'The Last Bookaneer' is a celebration of the written word(Read article summary)
Matthew Pearl's latest novel is receiving many positive reviews, with critics praising the adventure tale about the race to steal a manuscript.
Writer Matthew Pearl is earning positive reviews for his new book “The Last Bookaneer,” with critics calling the novel “a loving testament to the enduring power of paper books” and Pearl himself “the reigning king of popular literary historical thrillers.”
“Bookaneer,” which was released on April 28, centers on the hunt for a manuscript by “Treasure Island” author Robert Louis Stevenson. “Bookaneers” like Pen Davenport make money by absconding with manuscripts, but now that new laws will put this trade to a halt, Davenport and others set out to complete one last theft: getting their hands on Stevenson’s unpublished book.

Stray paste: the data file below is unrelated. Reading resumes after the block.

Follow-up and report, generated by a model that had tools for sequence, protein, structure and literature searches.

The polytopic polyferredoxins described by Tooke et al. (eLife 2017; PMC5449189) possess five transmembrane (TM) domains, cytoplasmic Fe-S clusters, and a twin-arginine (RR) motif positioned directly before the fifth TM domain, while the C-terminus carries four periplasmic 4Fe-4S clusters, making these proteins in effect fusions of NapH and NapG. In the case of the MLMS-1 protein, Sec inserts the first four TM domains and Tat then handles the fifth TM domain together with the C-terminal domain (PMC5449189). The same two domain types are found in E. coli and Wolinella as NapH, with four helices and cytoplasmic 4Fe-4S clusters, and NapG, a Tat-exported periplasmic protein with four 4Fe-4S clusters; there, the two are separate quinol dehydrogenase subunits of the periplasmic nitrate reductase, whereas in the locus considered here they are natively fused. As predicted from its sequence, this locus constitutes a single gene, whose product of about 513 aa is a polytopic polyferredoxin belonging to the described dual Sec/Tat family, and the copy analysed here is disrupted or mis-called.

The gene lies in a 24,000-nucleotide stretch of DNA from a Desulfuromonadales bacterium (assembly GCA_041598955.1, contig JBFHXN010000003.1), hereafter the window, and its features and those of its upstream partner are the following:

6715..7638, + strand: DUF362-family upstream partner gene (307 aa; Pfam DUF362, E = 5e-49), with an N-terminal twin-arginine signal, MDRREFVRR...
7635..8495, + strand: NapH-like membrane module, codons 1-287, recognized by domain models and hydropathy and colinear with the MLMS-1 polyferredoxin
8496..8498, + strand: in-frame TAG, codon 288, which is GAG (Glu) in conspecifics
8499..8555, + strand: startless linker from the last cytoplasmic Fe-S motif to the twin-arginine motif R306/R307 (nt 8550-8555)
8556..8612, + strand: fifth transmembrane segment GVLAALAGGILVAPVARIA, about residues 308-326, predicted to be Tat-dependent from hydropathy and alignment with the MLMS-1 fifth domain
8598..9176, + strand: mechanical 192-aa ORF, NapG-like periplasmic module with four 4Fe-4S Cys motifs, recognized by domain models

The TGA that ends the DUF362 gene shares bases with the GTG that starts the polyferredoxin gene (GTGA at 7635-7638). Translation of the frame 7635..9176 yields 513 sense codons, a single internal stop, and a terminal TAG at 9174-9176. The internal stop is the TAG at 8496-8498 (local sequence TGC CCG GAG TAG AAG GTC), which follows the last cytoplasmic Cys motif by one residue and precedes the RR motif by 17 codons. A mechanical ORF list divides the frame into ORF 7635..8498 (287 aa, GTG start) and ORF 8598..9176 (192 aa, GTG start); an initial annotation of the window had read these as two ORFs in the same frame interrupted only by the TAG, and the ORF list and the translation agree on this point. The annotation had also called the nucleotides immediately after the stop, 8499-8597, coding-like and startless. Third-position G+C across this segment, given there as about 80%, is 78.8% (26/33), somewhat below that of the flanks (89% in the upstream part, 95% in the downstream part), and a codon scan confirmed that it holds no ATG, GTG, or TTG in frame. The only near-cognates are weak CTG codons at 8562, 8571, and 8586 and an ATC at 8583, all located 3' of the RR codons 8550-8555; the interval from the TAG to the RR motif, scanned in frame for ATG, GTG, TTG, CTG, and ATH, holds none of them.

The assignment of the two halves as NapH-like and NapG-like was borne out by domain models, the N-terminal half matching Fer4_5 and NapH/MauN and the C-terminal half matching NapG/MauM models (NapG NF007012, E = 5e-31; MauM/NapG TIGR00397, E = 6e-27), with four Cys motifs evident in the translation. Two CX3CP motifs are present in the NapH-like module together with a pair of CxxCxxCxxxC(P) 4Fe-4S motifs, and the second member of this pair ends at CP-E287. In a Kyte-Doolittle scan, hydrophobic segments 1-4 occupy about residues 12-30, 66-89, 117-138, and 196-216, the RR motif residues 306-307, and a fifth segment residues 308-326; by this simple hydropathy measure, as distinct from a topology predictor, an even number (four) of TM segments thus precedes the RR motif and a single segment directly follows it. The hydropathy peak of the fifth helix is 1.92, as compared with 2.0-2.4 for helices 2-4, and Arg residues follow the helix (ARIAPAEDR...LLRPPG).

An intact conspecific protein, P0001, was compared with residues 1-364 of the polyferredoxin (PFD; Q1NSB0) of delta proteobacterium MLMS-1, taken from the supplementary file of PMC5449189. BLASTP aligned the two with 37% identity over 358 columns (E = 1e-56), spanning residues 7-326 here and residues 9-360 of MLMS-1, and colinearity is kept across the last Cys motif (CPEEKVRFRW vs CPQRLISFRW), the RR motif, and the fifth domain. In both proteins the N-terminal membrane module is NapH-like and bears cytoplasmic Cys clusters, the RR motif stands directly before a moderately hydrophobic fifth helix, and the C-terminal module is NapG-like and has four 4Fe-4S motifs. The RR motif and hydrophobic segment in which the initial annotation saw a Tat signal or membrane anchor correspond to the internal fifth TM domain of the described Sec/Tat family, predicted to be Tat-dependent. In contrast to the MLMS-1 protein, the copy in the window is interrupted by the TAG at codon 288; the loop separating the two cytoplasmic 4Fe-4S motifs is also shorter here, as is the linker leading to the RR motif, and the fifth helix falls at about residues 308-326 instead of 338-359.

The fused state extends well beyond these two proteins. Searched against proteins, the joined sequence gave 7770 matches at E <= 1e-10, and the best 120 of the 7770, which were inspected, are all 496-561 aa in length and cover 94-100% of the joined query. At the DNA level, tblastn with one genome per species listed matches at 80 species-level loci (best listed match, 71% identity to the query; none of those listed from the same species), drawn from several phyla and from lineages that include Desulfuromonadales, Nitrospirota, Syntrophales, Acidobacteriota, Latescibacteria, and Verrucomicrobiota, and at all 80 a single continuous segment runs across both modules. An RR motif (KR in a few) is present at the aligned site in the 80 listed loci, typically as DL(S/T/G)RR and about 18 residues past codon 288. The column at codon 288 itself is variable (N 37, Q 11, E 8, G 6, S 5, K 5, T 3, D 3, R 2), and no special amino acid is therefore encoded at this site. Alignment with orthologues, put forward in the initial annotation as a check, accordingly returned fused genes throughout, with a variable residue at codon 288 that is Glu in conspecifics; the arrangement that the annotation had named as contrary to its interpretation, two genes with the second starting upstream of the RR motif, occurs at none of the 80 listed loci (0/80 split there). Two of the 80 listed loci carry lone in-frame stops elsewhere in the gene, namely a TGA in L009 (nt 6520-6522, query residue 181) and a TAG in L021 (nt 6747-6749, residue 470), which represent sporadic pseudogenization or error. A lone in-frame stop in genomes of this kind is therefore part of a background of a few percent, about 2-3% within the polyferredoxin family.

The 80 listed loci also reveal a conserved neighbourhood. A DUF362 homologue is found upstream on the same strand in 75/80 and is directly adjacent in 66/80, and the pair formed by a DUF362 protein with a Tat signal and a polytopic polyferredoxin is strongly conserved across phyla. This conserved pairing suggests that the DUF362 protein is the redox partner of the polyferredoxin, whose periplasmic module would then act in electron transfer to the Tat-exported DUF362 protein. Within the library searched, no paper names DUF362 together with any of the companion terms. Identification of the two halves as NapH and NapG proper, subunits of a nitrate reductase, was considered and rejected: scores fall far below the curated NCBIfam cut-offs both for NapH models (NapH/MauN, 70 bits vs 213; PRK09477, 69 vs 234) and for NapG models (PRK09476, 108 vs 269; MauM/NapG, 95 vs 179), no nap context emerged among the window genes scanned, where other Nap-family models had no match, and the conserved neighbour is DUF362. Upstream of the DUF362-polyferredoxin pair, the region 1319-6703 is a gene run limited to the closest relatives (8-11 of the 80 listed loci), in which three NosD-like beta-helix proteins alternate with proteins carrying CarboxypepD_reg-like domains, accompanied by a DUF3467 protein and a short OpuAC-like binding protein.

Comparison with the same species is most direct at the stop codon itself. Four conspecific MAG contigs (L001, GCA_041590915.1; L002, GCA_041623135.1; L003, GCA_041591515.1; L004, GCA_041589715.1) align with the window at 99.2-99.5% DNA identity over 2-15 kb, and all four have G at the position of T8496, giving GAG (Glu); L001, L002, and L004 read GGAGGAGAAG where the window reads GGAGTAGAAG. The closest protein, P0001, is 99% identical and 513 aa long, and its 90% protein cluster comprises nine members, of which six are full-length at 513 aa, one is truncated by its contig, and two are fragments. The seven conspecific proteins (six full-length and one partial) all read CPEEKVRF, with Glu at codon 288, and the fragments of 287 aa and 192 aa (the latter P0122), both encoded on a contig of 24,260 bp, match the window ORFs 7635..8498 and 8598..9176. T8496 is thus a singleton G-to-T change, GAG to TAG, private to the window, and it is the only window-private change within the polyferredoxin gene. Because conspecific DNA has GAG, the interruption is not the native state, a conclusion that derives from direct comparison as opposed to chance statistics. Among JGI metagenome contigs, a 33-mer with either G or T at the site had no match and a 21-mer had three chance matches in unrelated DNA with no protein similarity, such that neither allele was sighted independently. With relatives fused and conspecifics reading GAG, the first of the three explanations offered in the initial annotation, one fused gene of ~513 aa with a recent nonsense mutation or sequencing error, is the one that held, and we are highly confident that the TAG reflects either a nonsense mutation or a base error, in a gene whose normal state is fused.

The novel was selected by the Monitor as one of the best books of May and Shelf Awareness writer Jen Forbus called it “a grand adventure befitting Robert Louis Stevenson…. [a] magnificently crafted escapade through the dangerous jungles of 19th-century publishing. ‘The Last Bookaneer’ is a clever gem the bookaneers would undoubtedly steal.”
Meanwhile, both Kirkus Reviews and Library Journal gave the novel starred reviews, with Chicago’s Liv Hanson writing for LJ, “This swashbuckling tale of greed and great literature will remind you why Pearl ("The Dante Club"; "The Poe Shadow") is the reigning king of popular literary historical thrillers. His latest is guaranteed to delight lovers of history and mystery.” Meanwhile, KR found the book to be “an entertaining adventure tale…. Pearl is a smooth writer whose adoption of the ambling pace, digressions, and melodrama of an earlier literary era may not suit today's instant gratifiers, but he offers many of the charms and unrushed distractions of a favorite old bookstore.
Publishers Weekly was also mostly won over by the book, calling it an “ingenious literary caper…. [there’s] a colorful cast of roguish characters…. this book is a loving testament to the enduring power of paper books.”